Sunday, May 17, 2009

The City and the City by China Mieville (3/5 stars)

I have read a couple other China Mieville novels. I loved King Rat, I though Un Lun Dun was only so-so, and I just couldn't get through Perido Street Station; so that gives the viewpoint that I rate this novel from. This was a very creative novel in which I though that the creativity was forced on the reader so much that the story itself suffers. It is one of those books that everyone should read, that will generate lots of discussion, and that is an interesting read...unfortunately I did not find it an enjoyable read. It really felt like the story itself (the murder mystery and even the characters) was there as aninconvenience and the point of this book was really to disclose this really creative idea.

Tyador Borlu at the Extreme Crime Division gets pulled into a murder mystery that ends up being about a lot more than a young woman being murdered. His is sucked into a mystery that is bigger than he knows and it is a mystery that will have him challenging all that he believes as a citizen of Beszel. It is written in the style of a detective story; and is much more of a political crime story than a fantasy.

As you can imagine this is a book about two cities. I won't say what the deal with those two cities are because that would spoil the book a bit, but those two cities are very unique. Mieville goes to great ends to make sure that for the first third of the book he never explains to the readers what the deal is with the Beszel and Ul Qoma. He throws lots of strange terminology at you and forces you to just go along for the ride guessing as you go. This is fine, it keeps the reader interested; although it is a bit frustrating to force the reader to go through a lot of work to figure out something that could be briefly stated as part of the story.

After the first 1/3 or so I start to have a problem with this book. About 1/3 of the way through the only thing Mieville does is go through the mechanics of how these two cities work, over and over and over. After assuming we are intelligent readers and can figure things out from the hints given in the first 1/3 of the book; he then does a 180 and assumes that we are stupid and need things explained over and over. It really bothered me.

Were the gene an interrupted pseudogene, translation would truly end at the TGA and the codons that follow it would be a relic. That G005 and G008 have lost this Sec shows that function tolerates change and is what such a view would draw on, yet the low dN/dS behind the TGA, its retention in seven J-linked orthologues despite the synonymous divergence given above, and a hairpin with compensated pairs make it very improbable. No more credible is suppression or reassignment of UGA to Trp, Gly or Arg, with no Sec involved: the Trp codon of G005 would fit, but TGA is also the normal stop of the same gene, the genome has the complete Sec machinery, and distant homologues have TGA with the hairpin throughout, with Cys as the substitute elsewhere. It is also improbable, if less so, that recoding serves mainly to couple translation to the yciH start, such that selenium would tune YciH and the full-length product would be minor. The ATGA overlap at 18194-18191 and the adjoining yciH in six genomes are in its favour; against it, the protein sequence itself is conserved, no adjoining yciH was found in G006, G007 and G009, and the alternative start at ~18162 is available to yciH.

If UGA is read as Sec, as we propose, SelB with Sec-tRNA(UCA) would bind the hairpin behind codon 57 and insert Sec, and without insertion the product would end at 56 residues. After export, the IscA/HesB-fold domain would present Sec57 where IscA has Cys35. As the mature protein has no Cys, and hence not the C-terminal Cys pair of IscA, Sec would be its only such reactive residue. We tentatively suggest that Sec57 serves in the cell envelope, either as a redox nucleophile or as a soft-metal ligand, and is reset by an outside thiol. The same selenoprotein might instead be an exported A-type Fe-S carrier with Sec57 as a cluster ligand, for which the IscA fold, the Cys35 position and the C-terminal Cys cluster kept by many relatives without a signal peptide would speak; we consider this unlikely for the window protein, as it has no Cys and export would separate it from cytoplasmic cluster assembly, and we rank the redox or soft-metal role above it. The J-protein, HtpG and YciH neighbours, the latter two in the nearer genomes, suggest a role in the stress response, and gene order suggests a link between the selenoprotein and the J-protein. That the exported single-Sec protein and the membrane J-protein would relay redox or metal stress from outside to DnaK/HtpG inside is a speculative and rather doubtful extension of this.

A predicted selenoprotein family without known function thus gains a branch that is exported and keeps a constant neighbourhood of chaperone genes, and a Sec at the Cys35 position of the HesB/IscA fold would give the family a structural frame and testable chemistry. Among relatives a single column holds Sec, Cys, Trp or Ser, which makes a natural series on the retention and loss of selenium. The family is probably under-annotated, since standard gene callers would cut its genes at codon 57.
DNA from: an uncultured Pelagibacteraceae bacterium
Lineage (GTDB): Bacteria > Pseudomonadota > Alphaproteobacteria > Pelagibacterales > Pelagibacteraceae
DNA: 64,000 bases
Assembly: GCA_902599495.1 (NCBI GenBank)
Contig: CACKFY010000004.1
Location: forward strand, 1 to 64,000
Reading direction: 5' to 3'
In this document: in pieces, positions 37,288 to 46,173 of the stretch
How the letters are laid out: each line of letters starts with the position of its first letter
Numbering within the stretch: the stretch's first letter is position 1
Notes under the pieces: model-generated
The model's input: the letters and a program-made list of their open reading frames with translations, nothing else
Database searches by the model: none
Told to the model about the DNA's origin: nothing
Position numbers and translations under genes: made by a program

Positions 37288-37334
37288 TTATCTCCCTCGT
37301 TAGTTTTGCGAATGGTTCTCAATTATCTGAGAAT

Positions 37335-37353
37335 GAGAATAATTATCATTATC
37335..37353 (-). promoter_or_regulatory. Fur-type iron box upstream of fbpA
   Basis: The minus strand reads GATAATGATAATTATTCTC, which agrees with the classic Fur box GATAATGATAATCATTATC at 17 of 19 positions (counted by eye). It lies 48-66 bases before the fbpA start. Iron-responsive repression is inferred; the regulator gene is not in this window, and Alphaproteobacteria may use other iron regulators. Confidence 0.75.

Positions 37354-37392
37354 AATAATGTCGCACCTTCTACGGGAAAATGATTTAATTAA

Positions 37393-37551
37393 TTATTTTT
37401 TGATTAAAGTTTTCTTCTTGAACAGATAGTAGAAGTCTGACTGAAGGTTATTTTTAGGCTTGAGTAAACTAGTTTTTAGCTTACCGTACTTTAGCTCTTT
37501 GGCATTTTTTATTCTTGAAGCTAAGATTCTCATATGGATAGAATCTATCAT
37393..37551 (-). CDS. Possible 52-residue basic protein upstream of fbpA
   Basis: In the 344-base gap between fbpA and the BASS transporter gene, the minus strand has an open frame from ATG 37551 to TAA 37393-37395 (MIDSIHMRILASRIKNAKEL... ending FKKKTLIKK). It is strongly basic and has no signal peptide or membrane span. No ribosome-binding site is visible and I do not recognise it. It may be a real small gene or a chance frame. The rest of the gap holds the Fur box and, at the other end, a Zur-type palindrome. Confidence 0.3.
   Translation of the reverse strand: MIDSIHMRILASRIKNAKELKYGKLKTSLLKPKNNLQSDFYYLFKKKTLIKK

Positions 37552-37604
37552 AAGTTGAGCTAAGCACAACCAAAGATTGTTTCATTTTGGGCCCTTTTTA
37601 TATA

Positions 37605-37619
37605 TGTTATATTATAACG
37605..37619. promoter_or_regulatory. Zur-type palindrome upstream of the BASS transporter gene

This come to my second problem with the book. That is that the huge murder story in the beginning seems to be nothing other than a vehicle to talk about the relationship between Beszel and Ul Qoma. In fact as the murder story continues the story turns more into a social commentary than a good mystery story. I agree with the other person who gave this three stars; it seemed like Mieville didn't really care about the mystery and solved it because he knew he should. The whole mystery around the young woman's death was veryminimized.

From me this book gets an okay. It has an extremely interesting and creative premise; so creative and interesting that in an of itself this premise will generate a lot of talk. It is so awesomely creative that everyone should read it just to be exposed to the idea. Unfortunately I don't believe that being creative gives an author license to be lax about the story. At the end of this story it seemed that none of the characters really mattered, even the original mystery of the story didn't matter all that much, the whole deal was about the creative world.

All in all, this is something that you should probably should. Personally I had trouble getting through it. The premise was very intriguing at first, then as the story grew less and less important, I grew bored with the book. It is not a book that has made me like Mieville's writing more. I still have "The Scar" on my shelf to be read and I have heard that is a good book. Hopefully people reading this review will take it as the opinion it is; I realize a lot of people are absolutely loving this book but I was not one of them.

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